New Mexico Jury Awards $485M in Sexual Assault Case

August 7, 2023

A jury has awarded $485 million in damages in a civil case brought on behalf of an 8-year-old girl who was repeatedly sexually assaulted in a New Mexico foster care program.

The verdict came in late July after Rio Arriba County jurors heard nearly two weeks of testimony that focused in part on allegations of corporate negligence.

The program allegedly placed the girl in the home of a foster parent despite knowing that he had been accused of sexual assault, according to the lawsuit, which was filed in 2019. It was one of more than a half-dozen cases arising from sexual assaults of children in the program.

Clarence Garcia, 66, pleaded guilty in January to seven counts of criminal sexual contact with a minor and was sentenced to up to 20 years of probation. Court records show Garcia was accused of sexually abusing six children under his care over six years.

In April, probation officers found that Garcia allegedly violated his probation after they searched his property and found bags of stuffed animals, a yoga book “with young children in suggestive poses” and accessories for firearms.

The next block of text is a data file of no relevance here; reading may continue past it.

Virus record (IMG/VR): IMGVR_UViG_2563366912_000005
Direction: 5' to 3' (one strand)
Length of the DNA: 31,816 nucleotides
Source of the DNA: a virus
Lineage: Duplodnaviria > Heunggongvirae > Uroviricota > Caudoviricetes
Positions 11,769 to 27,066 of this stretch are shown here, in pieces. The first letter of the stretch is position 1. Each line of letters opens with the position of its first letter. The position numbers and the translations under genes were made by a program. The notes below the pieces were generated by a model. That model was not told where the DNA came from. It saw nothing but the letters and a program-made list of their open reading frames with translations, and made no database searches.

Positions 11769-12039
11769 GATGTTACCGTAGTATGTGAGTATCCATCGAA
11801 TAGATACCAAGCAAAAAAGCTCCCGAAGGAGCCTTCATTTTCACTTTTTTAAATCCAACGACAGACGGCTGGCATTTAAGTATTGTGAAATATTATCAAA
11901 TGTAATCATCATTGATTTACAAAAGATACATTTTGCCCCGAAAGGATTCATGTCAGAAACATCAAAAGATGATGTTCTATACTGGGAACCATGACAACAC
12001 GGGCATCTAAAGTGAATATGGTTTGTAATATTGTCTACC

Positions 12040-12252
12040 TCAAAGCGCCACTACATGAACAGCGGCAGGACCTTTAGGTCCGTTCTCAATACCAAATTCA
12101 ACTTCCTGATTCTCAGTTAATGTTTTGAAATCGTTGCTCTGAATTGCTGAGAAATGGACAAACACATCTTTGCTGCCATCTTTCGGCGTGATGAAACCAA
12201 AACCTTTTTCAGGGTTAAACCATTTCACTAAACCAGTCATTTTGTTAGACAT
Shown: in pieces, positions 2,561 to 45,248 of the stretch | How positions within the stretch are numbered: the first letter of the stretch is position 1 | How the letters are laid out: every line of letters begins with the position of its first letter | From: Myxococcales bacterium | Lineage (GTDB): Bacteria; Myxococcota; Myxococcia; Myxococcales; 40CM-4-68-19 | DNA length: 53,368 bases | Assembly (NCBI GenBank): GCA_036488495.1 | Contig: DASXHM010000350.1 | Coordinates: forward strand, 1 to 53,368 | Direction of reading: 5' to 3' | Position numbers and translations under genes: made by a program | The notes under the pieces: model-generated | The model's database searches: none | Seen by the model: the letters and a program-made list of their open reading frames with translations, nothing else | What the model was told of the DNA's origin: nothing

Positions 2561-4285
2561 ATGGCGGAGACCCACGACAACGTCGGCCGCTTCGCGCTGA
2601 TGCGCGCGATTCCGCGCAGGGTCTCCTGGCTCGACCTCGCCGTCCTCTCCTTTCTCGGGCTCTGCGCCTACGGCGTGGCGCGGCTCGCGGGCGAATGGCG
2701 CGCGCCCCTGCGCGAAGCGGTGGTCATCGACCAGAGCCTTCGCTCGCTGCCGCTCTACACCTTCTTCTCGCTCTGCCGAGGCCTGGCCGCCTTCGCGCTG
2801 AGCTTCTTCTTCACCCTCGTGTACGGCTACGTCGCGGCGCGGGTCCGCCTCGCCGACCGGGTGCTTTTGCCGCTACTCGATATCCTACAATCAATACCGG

He faces an Aug. 3 sentencing hearing that could send him to prison for up to 42 years.

The jury awarded $80 million in compensatory damages and $250 million in punitive damages against Acadia Healthcare, the operator of a now-defunct licensed residential treatment facility in New Mexico, the Albuquerque Journal reported.

Acadia said in an email that the victim was not in the direct care of any facility operated by the company but was in a treatment foster care program managed by Familyworks, a nonprofit.

Familyworks and defunct Acadia subsidiary Youth and Family Centered Services of New Mexico Inc. will pay $75 million apiece with $5 million in punitive damages connected to Garcia`s conduct.

“I think the jury’s award and verdict show the little girl she is valued and that what happened to her shouldn’t have happened,” Josh Conaway, an attorney who represented the child told the Santa Fe New Mexican.

The state Children, Youth and Families Department revoked a license for Acadia- owned Desert Hills in 2019 amid reports of sexual abuse and violence at the residential treatment facility, which served children with intellectual and developmental disabilities as well as behavioral issues.